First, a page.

‘The English don’t want us and the Scottish won’t have us.’ That phrase sums Northumberland’s history up in a nutshell. For centuries the county was a bloody buffer zone between the two great nations.
The important coastal town of Berwick-upon-Tweed has changed hands no less than thirteen times and the countryside was repeatedly burned and harried as armies marched over the ground and fired it into a smoking wasteland. The Northumbrian people also waged war on themselves in organised violent family gangs known as the Border Reivers – the original Mafia. Think Goodfellas with leather jerkins and steel bonnets instead of Armani suits, Northumbrian accents instead of Italian and lamb stew instead of meatballs and tomato sauce. The Robsons, Charltons, Fenwicks, Forsters and Milburns were just some of the prominent local Reiving families specialising in cattle theft, robbery and murder. They gave the words ‘blackmail’ and ‘bereave’ to the English language. The Romans were the first to find the people of the area, who were then known as the Votadini, so difficult to control that they built a wall stretching from sea to sea in an awesome display of power and authority. There are also some that reckon Northumberland is where the famous Ninth Legion vanished.
Their golden eagle standard is possibly out there somewhere, buried in a remote peat bog on one of the bleak purple hillsides. The county has its own tartan, a black and white checked plaid known as the Shepherd’s Tartan, and a small bagpipe that is played under the arm.
The county flag of the independent, yet warmly welcoming people, features red and yellow stripes which you will see flying from many buildings. Much of Northumberland is a National Park and the stretch up the north coast is designated an Area of Outstanding Natural Beauty. Hadrian’s Wall is a UNESCO World Heritage site.
There is an abundance of wildlife that thrives in the tough wilderness of crags, moors, hills and valleys. The Farne Islands, just off the coast, are a sanctuary for 37,000 pairs of puffin and hosts one of England’s largest grey seal colonies. There are also cormorants, gulls, terns, guillemots and razorbills on the grey, high exposed white guano-splattered rocks. You can pay the islands a visit on boat trips from Seahouses. There is a herd of ancient wild white cattle at Chillingham, wild goats in Kidland Forest and the density of Kielder Forest has protected the native red squirrel population.
Otters, badgers and foxes are all found in the county and there is the occasional ‘big cat’ sighting too. The human population density is just 62 persons per square kilometre, giving the county the lowest population density in England. Plenty of space to think and walk here. Northumberland is, however, packed with history and littered with castles and battlefields, as well as some of the best – and quietest – beaches in the UK. They would be ideal for beach soccer tournaments but for one thing – the climate. The cheerleaders’ legs would go blue when a bracing breeze came whipping in off the cold grey North Sea! That’s something to bear in mind as you undertake the family-friendly walks in this book. It can get cold, wet and windy in the county, so remember to pack appropriate gear. Good walking boots will also help and a hot flask is always welcome. When the Vikings were charging off their longboats to terrorise the monks at Lindisfarne with battleaxes, they at least made sure that they’d come prepared. There are five major long-distance walking routes in Northumberland – The Hadrian’s Wall Path, The Pennine Way, St Cuthbert’s Path, Northumberland Coastal Path and St Oswald’s Way – as well as many days of excellent fell-walking in the rolling Cheviot Hills which straddle the border country. This book leaves those challenges to more experienced walkers; the routes that feature here don’t aim to be feats of endurance, but refreshing daytrips that include some of Northumberland’s finest points of interest and local history along the way. While it is unlikely you will need an Ordnance Survey map for the easier coastal walks in this book, for most routes – especially those in upland areas – putting one in your rucksack is advisable. The sketch maps provided are for rough guidance only. If walking alone, you should also tell someone where you are going, what your route will be and when you expect to return.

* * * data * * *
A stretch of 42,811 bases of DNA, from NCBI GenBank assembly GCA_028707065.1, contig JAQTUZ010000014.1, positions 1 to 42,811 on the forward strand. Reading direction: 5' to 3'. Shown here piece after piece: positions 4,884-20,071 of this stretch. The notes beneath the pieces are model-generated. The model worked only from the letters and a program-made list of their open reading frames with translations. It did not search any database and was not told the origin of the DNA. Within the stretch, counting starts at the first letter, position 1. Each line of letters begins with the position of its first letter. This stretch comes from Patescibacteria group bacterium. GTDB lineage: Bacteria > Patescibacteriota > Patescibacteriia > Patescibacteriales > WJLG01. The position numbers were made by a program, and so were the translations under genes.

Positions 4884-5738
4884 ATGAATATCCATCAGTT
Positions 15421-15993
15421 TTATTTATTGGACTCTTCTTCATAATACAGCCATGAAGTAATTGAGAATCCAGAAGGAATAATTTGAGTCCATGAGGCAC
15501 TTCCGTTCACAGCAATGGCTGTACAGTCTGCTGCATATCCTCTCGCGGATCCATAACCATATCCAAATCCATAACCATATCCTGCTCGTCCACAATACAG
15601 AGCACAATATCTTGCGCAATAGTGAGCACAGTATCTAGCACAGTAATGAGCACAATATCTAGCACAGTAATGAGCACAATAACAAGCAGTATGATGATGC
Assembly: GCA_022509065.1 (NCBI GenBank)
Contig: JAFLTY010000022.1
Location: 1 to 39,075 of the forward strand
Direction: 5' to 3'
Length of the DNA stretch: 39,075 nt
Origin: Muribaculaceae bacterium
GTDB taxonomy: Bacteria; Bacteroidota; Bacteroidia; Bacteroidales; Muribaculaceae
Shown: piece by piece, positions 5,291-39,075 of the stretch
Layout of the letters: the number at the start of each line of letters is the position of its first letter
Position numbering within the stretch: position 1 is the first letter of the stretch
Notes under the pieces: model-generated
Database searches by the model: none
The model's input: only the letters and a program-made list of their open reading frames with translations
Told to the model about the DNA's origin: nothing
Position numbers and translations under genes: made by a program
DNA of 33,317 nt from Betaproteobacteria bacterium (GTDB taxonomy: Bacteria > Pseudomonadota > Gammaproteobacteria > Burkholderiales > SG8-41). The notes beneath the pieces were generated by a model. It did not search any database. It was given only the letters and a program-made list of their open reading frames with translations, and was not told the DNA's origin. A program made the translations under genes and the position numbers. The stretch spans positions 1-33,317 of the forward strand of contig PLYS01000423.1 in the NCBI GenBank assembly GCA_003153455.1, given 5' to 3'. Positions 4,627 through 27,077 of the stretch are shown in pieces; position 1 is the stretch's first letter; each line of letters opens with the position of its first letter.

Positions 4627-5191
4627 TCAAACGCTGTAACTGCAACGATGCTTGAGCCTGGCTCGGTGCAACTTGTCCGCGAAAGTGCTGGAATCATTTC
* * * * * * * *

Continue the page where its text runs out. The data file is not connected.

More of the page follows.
While the main towns in this guide are all accessible by rail and bus, the starting point for some of the walks can only be accessed by car. Please remember when parking in rural areas to be considerate of people who live and work there and, in particular, take care not to block gates.
Large areas of Northumberland National Park are accessible to the public as a result of the Countryside and Rights of Way Act 2000 (CRoW). This means that you can now walk freely on designated ‘Access Land’ without having to stay on rights of way. Up-to-date information about access land, where you can go and what you can do is available on the Countryside Access website. Open Access Land across the National Park is clearly mapped on all the new Ordnance Survey Explorer Series maps, which were revised in time for the commencement of this new right. Look out for the waymarking symbols that show when you are entering or leaving Access Land.